There was a time, before emails, zooms, portals and online banking, when a writer would type out a manuscript, package it up and send it, via post, to a publisher. Then there would be a period of waiting for the postman to deliver a letter, with either a rejection note or a bank cheque.
Now it's different.
Each publisher has its own criteria for submissions. Submit on a certain day, between these hours, send the first three chapters, the first fifty pages, double space, use this font...
If you don't hear from them in six week, three months, six months, twelve months, well that's the rejection letter- silence.
With the advance in technology, the volume of what publishers receive must be enormous - so I get it. I get the guidelines and the response times. And what I have to remind myself is that it's not personal.
The reality is, when you finish a manuscript there are no guarantees that it will automatically be published by a traditional publishing house, which I suppose is one reason why self publishing is so popular.
While there is no sure way of getting published, I think there's a lot of luck involved.
My manuscript (in its unpolished, renovator's delight state) for what would become Unpacking Harper Holt, landed at WBA at the exact time they were looking for a contemporary emotional novel. Had I sent it four months earlier, or three months later, they could have been looking for something else and Harper would have been on the rejection pile rather than on a bookshelf.
Having gotten over that first hurdle, then there were other internal processes that Harper had to go through before being signed off - processes I had not even realised existed.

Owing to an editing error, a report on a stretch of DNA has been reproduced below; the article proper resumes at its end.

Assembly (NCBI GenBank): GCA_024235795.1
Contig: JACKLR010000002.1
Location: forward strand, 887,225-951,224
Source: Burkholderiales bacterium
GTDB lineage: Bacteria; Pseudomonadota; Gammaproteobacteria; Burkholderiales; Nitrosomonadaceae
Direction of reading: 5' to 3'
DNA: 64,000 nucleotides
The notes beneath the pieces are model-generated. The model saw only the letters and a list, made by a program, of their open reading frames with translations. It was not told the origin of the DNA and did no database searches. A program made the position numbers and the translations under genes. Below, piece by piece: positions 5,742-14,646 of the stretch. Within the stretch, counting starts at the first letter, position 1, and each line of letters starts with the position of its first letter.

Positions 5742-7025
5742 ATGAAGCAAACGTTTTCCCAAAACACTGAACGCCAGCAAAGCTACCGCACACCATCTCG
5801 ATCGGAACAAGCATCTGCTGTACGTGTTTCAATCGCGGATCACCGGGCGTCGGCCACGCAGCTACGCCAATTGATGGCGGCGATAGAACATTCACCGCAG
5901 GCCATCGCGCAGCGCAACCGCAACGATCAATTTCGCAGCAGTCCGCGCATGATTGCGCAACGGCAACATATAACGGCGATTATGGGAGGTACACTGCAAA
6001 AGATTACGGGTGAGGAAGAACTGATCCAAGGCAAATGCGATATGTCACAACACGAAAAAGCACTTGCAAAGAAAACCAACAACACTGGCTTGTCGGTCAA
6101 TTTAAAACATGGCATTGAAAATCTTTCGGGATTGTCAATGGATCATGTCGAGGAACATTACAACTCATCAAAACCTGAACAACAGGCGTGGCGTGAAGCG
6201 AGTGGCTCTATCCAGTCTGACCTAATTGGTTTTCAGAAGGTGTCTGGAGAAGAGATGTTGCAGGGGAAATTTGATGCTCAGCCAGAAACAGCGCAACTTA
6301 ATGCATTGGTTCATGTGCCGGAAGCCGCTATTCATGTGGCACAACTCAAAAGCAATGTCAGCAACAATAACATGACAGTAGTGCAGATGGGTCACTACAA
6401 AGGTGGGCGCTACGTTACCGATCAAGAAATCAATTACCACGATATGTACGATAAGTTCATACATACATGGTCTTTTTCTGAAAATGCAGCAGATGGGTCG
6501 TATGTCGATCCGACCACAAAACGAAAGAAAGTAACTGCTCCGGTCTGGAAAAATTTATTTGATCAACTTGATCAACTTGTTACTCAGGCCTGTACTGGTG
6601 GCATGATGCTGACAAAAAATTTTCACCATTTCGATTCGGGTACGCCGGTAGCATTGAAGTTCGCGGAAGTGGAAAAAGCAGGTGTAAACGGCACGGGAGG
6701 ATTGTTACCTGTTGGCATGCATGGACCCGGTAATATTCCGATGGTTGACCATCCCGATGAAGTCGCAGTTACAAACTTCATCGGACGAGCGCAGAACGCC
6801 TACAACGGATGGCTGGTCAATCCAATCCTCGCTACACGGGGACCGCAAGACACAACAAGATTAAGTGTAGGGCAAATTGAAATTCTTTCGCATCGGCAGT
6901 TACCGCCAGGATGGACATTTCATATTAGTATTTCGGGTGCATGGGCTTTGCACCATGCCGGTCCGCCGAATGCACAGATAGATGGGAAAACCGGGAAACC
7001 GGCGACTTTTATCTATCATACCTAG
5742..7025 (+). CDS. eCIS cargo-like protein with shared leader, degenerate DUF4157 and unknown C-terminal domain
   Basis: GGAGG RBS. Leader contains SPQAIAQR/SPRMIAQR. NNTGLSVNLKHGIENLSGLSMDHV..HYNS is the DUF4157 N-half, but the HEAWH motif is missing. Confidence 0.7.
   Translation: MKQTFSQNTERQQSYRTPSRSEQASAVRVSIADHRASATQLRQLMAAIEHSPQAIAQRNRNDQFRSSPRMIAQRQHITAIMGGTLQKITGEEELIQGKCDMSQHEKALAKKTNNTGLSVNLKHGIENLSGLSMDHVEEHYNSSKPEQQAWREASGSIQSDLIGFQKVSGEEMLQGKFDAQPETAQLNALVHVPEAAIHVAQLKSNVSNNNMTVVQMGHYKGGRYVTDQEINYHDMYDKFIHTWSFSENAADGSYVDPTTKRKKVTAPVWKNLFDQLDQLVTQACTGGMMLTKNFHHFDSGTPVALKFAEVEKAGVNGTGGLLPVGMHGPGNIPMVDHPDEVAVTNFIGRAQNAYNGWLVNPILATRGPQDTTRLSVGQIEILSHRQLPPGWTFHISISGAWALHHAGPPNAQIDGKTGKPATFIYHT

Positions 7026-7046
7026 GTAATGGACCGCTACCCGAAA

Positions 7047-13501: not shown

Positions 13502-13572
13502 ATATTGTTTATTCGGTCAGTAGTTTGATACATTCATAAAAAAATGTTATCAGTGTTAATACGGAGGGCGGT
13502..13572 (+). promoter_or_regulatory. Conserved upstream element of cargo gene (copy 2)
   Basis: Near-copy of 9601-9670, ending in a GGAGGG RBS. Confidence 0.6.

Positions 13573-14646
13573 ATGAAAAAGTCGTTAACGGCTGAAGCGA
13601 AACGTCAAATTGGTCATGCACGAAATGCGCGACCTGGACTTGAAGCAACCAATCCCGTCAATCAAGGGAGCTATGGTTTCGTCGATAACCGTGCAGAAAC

At any step of the way it could have fallen apart. The reality is that publishing is a business. It's not personal.
It could be that a publishing house has a direction it is going and your manuscript just doesn't fit into that vision. Maybe they already have two or three authors on their schedule writing something similar. They often are thinking a year ahead, what is the book market doing, where is it heading? And then of course there are budgets, staffing, time constraints - so many things - not to mention this year, in 2020, Covid.
And maybe your manuscript isn't ready - it needs more work.
There are so many factors that are going on behind the scenes that as a writer, tapping away on your computer, you just don't know about. But don't let this discourage you. Focus on your manuscript. Get feedback and make it the best it can be. Be proud of your achievement.
If you've read my previous posts then you know I'm working on a junior series. I have absolutely no idea if it will ever be accepted by a publisher and I have yet to find the courage to self publish. I have a map, and it needs a cover illustration and a bit more editing but it's really close to being done.
What I do know is this. When it's done, when it's the best it can be, I'll get it printed out, bound into individual books, and put them safely away a box. Then maybe one day, my son will open that box, take out Book 1 and read it to his children, my grandchildren - a series of stories that only they have access to.
That makes writing pretty magical and it is personal.
(Note: I am taking a break from my blog until the New Year - there are a few things going on behind the scenes - it's not personal!)